- By using a different cost allocation model, smaller community banks and credit unions look at adding new checking accounts from a marginal cost perspective – not the “all in cost” perspective of the big banks. Since almost all community banks and credit unions have unused branch capacity and small branch networks, their fixed costs are basically static. So, the revenue from a new free checking account needs only be sufficient to cover variable costs. Any excess revenue can then be applied to the fixed cost base – thereby driving down the fixed cost of all accounts. On the other hand, like the mega-banks, these smaller banks and credit unions shouldn’t be allocating costs to checking accounts when so few checking customers use branches to transact business.
Free checking accounts have been profitable for the community banks and credit unions since they began offering this account in the early 1980s – long before today’s high overdraft fees and lucrative debit card interchange fees. So, it’s disingenuous for today’s mega-banks to claim that recent government meddling in the pricing of overdrafts and interchange fee amounts has made free checking all of a sudden unprofitable.
Remember, the mega-banks didn’t begin offering free checking until they realized the account was wildly popular – even among the wealthy – and wasn’t going away. But, with the recent federal legislation, these big banks saw an opportunity to launch a campaign about free checking profitability in the hopes of forcing the smaller banks to drop this competitive account.
“Free checking is unprofitable and will soon be dead,” is the perfect media story to achieve the mega-banks’ ultimate goal of killing the free checking account. If they can’t have it – they don’t want their competitors having it either. And the mass media had bought into this “big lie” hook, line, and sinker.
The Mega-Banks were the Last to Offer Free Checking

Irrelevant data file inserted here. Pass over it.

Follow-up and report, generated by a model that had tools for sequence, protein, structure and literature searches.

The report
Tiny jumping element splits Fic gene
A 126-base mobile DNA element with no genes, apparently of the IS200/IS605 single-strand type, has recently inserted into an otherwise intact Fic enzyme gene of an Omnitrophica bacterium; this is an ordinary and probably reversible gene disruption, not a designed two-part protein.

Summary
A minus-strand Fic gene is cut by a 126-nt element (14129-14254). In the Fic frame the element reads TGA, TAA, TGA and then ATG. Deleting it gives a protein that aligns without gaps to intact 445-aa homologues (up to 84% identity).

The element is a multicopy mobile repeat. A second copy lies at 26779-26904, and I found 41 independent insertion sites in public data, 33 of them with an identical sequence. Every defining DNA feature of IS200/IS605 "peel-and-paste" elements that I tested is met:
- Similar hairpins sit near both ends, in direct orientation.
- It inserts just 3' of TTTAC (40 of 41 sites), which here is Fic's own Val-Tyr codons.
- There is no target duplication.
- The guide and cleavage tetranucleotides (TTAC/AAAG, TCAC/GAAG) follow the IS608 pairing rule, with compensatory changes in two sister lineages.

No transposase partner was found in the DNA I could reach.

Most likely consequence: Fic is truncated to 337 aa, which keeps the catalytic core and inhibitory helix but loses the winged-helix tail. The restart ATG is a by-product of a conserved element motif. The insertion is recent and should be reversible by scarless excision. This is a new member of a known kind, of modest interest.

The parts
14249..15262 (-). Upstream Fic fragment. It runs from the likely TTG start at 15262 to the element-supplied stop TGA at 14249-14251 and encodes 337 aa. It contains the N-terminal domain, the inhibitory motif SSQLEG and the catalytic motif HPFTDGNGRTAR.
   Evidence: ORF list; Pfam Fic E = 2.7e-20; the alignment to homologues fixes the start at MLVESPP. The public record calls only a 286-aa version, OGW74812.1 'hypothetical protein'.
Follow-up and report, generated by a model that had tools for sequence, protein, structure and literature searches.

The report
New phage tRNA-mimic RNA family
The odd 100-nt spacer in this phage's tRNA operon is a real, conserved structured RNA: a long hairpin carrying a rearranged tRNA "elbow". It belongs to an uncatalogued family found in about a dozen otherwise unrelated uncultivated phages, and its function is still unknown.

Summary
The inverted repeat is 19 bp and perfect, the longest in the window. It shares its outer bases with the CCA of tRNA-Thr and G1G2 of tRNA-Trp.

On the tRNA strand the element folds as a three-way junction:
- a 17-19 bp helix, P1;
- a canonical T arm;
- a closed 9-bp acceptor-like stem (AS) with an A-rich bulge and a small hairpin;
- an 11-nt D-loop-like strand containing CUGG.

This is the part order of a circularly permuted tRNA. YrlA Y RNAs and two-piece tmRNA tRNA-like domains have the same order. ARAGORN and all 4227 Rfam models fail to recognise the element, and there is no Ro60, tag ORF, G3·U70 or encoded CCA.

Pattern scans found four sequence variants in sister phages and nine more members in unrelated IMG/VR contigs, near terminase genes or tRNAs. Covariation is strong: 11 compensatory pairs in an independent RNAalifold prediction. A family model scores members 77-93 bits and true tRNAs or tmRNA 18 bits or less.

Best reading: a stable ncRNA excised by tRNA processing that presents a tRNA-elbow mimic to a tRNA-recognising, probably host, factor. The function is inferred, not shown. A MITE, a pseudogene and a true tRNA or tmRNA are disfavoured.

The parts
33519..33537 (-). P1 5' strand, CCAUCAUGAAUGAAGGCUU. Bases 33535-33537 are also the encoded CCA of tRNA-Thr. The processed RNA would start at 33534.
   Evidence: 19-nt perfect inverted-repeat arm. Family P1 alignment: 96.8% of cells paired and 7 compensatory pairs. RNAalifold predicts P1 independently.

As stated above, the community banks across America were the first banks targeted for the Free Checking and Free Gift program introduced in Lincoln, Nebraska, in 1982. Free checking got a major boost by Washington Mutual (WaMu) when it began its massive expansion program in the Pacific Northwest during the 1990s and into the new century – ultimately expanding to other states around the country. WaMu’s primary marketing focus was on its free checking account. It basically owned the free checking market in the communities it served.
It wasn’t until the late 1990s that the mega-banks reluctantly added free checking to their checking product line. And then, they did very little marketing of the account. Perhaps the most aggressive free checking marketer was Bank of America with its online banner ads. Adding free checking was primarily a defensive move to protect themselves from the aggressive free checking marketing conducted by the community banks and credit unions in all markets where the mega-banks had branches.
We saw how quickly senior management at Chase Bank dropped WaMu’s free checking account shortly after acquiring the bank as a result of the near collapse of our economy. This was done after first promising these customers that Chase would retain free checking.
Blaming this move on recent government legislation is simply a classic example of employing a red herring.
The Truth About Free Checking Can Be Found Here
In the future, should you be writing a blog or media story about free checking, you should consider interviewing senior management and marketing people working for one of the many community banks and credit unions offering the free checking account. They can tell you the true story about free checking and why it is so important for their success.
In addition, you should definitely contact one or both of the financial services vendors specializing in free checking marketing programs. Both are headquartered in Lincoln, Nebraska. One is ACTON Marketing and the other is Haberfeld Associates. Both have been in the free checking business since the early 1980s. They are the true experts when it comes to free checking profitability.